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Netgear SPH101 Wi-Fi Skype Phone review: Netgear SPH101 Wi-Fi Skype Phone

If you're hopeless Skypeaholic with a home Wi-Fi router, the SPH101 is your dream product. If you're a budget minded VoIP fanatic, maybe not.

Alex Kidman
Alex Kidman is a freelance word writing machine masquerading as a person, a disguise he's managed for over fifteen years now, including a three year stint at ZDNet/CNET Australia. He likes cats, retro gaming and terrible puns.
Alex Kidman
2 min read

Netgear's SPH101 Wi-Fi Skype Phone looks just like ... well, it looks just like a phone, to be honest. Rather similar to many of Sony Ericsson's cheaper phone lines -- if you took the W200i and dunked it in a tin of iPod paint, you'd end up with something not dissimilar to the SPH101, in fact. It's a rather plain and (subjectively speaking) ugly design, but there's no mistaking that this is a phone, and not in fact some kind of tool for removing stones from horses' hooves, for instance.


Netgear SPH101 Wi-Fi Skype Phone

The Good

Easy Wi-Fi set-up. No need for a connected PC. Good audio quality.

The Bad

Much more expensive than a set of headphones. Bland visual design. Battery life could be better.

The Bottom Line

If you're hopeless Skypeaholic with a home Wi-fi router, the SPH101 is your dream product. If you're a budget minded VoIP fanatic, maybe not.

So it's a phone - we've got that far. Specifically, the SPH101 is a Skype phone . They're not particularly rare, given Skype's dominance of the VoIP market internationally. What makes the SPH101 stand out is that it's a Wi-Fi connected Skype phone that requires no PC connection whatsoever for making and taking Skype calls.

Set-up of the SPH101 is very simple indeed. Once it's charged, via the supplied USB AC charger, or a mini-USB cable if you've got one handy, it's a simple matter of powering the phone up. It'll seek out nearby Wi-Fi networks, and automatically try to connect to any unsecured networks unless you tell it not to. It's got inbuilt support for WEP and WPA authentication, although any network that requires a Web login - as you'll find for a lot of public area wireless pay networks -- is beyond the SPH101's abilities. Once you've got an IP address, you just enter your Skype username and password, and it'll keep you logged in for as long as its batteries last. It supports SkypeOut calling, although you'll have to do your financial management from a PC - there's no way to add credit directly from the SPH101.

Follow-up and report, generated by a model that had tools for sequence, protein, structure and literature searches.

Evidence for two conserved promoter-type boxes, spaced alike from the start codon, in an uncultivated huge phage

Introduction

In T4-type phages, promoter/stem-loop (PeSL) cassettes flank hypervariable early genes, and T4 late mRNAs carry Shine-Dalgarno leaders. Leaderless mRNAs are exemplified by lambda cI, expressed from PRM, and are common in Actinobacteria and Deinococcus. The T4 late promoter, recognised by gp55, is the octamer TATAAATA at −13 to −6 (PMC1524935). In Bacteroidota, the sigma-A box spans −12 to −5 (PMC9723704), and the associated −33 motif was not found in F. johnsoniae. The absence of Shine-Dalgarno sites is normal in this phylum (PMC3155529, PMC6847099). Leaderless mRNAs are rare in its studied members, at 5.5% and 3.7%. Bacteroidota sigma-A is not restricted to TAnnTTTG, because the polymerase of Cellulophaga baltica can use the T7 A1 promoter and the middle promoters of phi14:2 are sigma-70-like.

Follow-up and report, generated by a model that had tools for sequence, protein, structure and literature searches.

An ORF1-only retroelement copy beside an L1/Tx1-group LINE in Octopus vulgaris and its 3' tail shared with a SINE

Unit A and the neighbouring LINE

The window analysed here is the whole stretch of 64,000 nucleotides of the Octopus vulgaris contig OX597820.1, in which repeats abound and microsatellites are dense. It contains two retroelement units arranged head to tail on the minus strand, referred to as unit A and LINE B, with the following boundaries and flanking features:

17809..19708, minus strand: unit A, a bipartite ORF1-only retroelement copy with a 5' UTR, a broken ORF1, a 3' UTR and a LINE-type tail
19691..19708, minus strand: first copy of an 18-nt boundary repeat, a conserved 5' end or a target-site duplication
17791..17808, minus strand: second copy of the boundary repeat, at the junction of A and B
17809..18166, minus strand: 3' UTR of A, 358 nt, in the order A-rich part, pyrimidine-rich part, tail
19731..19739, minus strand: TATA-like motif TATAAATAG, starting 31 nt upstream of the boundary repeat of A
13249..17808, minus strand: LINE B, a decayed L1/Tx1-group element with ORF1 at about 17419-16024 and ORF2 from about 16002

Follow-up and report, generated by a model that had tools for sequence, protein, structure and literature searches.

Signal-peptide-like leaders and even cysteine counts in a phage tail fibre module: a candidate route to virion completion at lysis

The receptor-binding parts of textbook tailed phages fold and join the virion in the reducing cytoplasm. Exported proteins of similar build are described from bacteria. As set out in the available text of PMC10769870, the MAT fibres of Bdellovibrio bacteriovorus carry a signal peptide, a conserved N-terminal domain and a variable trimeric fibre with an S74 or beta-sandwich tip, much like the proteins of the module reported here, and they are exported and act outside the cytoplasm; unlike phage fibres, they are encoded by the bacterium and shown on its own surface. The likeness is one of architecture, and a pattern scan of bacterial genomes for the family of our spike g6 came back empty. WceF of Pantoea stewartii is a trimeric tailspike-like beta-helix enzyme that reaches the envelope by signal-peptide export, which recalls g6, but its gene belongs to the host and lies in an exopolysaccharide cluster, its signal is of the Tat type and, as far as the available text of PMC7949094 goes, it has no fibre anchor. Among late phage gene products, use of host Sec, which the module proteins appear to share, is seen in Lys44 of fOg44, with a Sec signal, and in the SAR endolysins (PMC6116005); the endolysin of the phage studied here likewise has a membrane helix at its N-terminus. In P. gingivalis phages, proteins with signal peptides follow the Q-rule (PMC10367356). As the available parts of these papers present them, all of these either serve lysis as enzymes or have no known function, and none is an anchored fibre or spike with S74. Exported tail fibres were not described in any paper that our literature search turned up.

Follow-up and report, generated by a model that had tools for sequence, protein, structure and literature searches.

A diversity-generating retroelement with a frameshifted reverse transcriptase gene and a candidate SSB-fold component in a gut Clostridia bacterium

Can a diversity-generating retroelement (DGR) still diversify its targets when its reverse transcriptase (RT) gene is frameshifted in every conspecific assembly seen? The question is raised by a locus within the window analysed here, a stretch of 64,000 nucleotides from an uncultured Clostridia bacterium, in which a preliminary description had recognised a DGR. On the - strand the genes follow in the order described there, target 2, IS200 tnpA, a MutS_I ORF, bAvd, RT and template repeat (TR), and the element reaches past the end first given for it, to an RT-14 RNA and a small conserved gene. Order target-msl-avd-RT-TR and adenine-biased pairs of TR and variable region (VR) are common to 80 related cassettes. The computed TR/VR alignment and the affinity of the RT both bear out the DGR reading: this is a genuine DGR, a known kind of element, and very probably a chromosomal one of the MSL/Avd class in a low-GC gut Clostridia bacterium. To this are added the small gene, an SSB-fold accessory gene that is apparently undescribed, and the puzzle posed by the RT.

Netgear rates the SPH101 as having up to 20 hours standby time and two hours talk time. In real mobile terms that's quite low, but then we can't see too many users taking the SPH101 with them everywhere the way you would with a regular mobile -- well, not unless you know of a lot of unsecured wireless networks and have a terminal addiction to chatting on Skype.

Voice quality is always a highly subjective matter when it comes to assessing Skype; some days it's great, and other days it's decidedly adkshlal;;;;;;; hisssss..... five dollars!....zzzzzttt... if you know what we mean. If you are in fact hopelessly addicted to Skype, we're sure you are. In our tests the SPH101 worked well with a nice clear speaker for our conversations, both local and international. The quality of both your broadband and Wi-Fi connection may change that, however.

At an asking price of AU$369, the SPH101 is a somewhat expensive gadget; there's no doubting that a 10 dollar set of headphones will technically do the same trick. Having said that, the SPH101 delivers a very simple and easy way to keep in touch with your Skype contacts without the need to install additional software or hardware, as is the case with many other Skype phones.